Another recommendation I have is Triplebyte (a Y Combinator company). The concept is that you do the first round of technical interviews with them (first online and then over the phone). If you are successful, you can then directly go to the onsite interviews of their partners. And they have a lot of very interesting partner companies. They save you a lot of stress. Otherwise you would have pretty much the same interview round with all the companies you apply for. That's not only cost for you, it's also cost for the companies. So by saving this cost, Triplebyte is able to invest more into optimizing their interview process. They also have a nice philosophy: Very data-driven, they don't look at credentials at all, and they focus on the applicants strength instead of weaknesses. So I highly recommend checking them out if you are applying for interviews/jobs in the space: Triplebyte.


Von Niehl in die Welt

This German article appears in the anniversary magazine of my high-school, the Erich Kästner-Gymnasium, Köln Niehl.

Hallo liebe Mitmenschen, die ihr noch im Käfig „Schulsystem“ gefangen seid und sehnsüchtig auf den Tag wartet, an dem Ihr einen Zettel mit der Überschrift “Abitur” überreicht bekommt, der euch endlich erlaubt in die schöne Welt hinaus zu gehen und eure Träume zu verwirklichen. Ich habe den Sprung geschafft. Ich promoviere aktuell an der UC Berkeley bei bestem kalifornischen Wetter und in Gesellschaft mit einigen der klügsten und interessantesten Menschen, die diese Welt zu bieten hat.

Auch wenn ich ausgesprochen ungern in die Schule gegangen bin, muss ich fairerweise sagen, dass das EKG noch ein ertragbarer Käfig war. Die Offenheit der Schule für neue Initiativen und die gute Beziehung zu ein paar Lehrern waren ein wichtiger Baustein für meine Karriere.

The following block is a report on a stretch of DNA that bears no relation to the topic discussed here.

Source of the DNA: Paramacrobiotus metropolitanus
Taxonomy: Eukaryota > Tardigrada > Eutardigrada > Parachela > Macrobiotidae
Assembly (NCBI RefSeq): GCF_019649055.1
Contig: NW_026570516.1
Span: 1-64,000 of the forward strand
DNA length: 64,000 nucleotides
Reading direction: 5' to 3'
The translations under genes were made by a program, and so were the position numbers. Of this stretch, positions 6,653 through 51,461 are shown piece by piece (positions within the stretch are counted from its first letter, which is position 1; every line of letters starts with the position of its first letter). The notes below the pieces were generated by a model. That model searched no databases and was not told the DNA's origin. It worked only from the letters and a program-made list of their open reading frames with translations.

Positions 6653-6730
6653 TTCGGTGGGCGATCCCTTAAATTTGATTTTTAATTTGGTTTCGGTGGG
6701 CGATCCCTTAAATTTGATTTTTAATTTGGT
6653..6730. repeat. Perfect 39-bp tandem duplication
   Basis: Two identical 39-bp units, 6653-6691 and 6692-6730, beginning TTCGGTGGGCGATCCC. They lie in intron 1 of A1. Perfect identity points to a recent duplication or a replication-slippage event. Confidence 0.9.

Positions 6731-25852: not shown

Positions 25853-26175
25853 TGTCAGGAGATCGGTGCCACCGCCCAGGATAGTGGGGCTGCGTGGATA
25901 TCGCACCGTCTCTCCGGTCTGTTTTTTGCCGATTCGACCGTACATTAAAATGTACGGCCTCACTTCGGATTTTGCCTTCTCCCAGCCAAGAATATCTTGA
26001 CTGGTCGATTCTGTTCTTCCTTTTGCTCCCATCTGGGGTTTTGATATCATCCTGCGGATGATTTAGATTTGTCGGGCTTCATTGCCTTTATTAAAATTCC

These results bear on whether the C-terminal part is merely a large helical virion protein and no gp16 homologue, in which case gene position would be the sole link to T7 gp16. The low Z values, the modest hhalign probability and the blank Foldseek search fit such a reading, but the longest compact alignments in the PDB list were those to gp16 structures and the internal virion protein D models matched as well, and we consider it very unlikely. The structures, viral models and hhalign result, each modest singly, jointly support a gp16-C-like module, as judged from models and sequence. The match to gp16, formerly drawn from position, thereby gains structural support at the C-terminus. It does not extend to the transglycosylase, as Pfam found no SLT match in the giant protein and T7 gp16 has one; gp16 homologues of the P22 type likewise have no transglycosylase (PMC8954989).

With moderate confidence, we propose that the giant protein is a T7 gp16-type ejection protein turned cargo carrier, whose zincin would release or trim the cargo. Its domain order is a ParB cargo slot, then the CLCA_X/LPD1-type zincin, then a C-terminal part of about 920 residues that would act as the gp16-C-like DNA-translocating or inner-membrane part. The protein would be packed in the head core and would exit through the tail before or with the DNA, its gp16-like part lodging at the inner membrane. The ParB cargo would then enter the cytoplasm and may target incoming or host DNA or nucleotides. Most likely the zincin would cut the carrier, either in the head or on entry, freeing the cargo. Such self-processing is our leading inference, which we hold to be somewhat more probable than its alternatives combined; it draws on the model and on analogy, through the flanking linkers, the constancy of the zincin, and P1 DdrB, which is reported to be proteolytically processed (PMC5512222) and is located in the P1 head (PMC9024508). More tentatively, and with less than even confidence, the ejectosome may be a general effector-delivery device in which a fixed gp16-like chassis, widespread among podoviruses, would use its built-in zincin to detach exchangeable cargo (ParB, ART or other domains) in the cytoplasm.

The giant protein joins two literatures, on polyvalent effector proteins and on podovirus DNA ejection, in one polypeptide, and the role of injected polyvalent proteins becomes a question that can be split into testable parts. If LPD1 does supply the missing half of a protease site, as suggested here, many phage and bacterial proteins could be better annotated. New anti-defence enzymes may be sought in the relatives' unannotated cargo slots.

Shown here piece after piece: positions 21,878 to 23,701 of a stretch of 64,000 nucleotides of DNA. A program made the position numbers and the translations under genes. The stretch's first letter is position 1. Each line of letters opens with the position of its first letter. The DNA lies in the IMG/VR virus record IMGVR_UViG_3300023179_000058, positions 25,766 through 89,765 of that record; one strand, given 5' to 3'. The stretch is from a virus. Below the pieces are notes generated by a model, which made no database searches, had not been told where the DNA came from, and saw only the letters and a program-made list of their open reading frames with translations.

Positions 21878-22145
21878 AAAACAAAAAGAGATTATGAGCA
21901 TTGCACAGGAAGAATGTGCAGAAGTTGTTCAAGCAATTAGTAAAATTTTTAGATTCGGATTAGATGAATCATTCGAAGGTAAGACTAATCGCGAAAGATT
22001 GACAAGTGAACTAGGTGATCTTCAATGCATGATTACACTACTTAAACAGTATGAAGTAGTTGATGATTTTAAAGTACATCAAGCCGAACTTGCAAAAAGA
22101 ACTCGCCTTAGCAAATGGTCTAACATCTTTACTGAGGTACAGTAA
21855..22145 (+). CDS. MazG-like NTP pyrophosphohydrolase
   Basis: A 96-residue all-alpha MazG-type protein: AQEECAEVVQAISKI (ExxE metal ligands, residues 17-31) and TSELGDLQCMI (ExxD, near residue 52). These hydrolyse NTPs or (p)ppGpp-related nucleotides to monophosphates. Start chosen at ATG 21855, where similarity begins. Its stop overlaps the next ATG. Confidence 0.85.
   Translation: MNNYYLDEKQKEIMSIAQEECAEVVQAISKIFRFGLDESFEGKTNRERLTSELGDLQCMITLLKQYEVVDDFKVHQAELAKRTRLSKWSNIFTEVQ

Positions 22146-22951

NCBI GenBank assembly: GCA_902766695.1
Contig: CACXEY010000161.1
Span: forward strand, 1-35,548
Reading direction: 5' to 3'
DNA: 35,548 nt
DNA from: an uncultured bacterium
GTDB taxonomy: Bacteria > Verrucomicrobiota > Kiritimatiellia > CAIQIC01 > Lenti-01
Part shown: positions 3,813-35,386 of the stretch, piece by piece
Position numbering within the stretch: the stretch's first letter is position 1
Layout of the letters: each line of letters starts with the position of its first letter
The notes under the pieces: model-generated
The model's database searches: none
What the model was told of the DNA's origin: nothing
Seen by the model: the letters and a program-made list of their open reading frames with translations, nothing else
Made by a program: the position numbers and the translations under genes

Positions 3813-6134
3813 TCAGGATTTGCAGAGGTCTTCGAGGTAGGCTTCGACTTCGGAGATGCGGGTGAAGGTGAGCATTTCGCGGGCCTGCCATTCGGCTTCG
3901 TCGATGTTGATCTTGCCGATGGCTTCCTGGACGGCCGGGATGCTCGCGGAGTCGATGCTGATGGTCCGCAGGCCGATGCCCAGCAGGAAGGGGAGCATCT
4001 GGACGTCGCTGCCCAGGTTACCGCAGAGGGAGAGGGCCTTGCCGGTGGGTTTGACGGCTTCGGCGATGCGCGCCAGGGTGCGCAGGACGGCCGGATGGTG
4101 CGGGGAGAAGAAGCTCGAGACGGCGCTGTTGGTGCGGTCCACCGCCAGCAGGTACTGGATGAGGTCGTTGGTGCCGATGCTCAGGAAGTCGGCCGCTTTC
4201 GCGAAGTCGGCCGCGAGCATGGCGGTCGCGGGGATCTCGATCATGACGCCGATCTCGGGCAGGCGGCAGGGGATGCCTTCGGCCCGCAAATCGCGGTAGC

Das EKG ermöglichte mir mit verschiedenen Angeboten, mich neben dem normalen Unterricht meinem eigenen Tempo entsprechend zu entwickeln. Es war kein Problem, fachspezifisch den Unterricht eines höheren Jahrganges zu besuchen. Und ein sehr engagierter Herr Müller-Alander, hatte sich dem Projekt Schülerfirma verschrieben, das uns die Möglichkeit gab einen gewissen “entrepreneurial spirit” zu entwickeln. Am wichtigsten aber war das Projekt “Schüler an der Universität”. Das hieß für mich: Schulfrei und stattdessen spannende Vorlesungen an der Uni. Zwei Wochen Mathestudium an der Uni entsprechen im Umfang gut und gerne zwei Jahren Mathe LK. Erstaunlich, was man erreichen kann, wenn man nicht mehr an die Geschwindigkeit des Lehrers gebunden ist. Also: Auch wenn das Schulsystem sehr einschränkend wirkt, es gibt Möglichkeiten, seinen eigenen Weg zu gehen, auch schon vor dem Abitur.

„If you can dream it, you can do it“ (Walt Disney) und „Spaß ist nicht gleich Freude“ (Norman Mellein).

Joining UC Berkeley in Fall 2015

Today I have got wonderful news to share: I just accepted an offer from UC Berkeley to start a Computer Science PhD program there in fall his year. Reading the admission e-mail some days ago was a sheer breathtaking moment in my life. I'm absolutely thrilled to be working with the great researchers at Berkeley and my motivation just reached the next level.


Yesterday, I got my results from the TOEFL iBT, but first things first. TOEFL stands for Test of English as a Foreign Language and is administered by the Educational Testing Service. iBT stands for Internet based Test: answers are submitted to ETS via the Internet and are not evaluated at the test center.

I had to take the quite expensive ($240) test that wants to measure my academic English language skills, because it is mandatory for my applications to US PhD programs. The test consists of three parts: Reading, Listening, Speaking and Writing. In my opinion, the test is well created and fairly well suited to evaluate one's English skills within the limitations that a computer-based test has. One can earn up to 30 points in each section and thus the total score (the sum) is on a 0-120 scale. Continue reading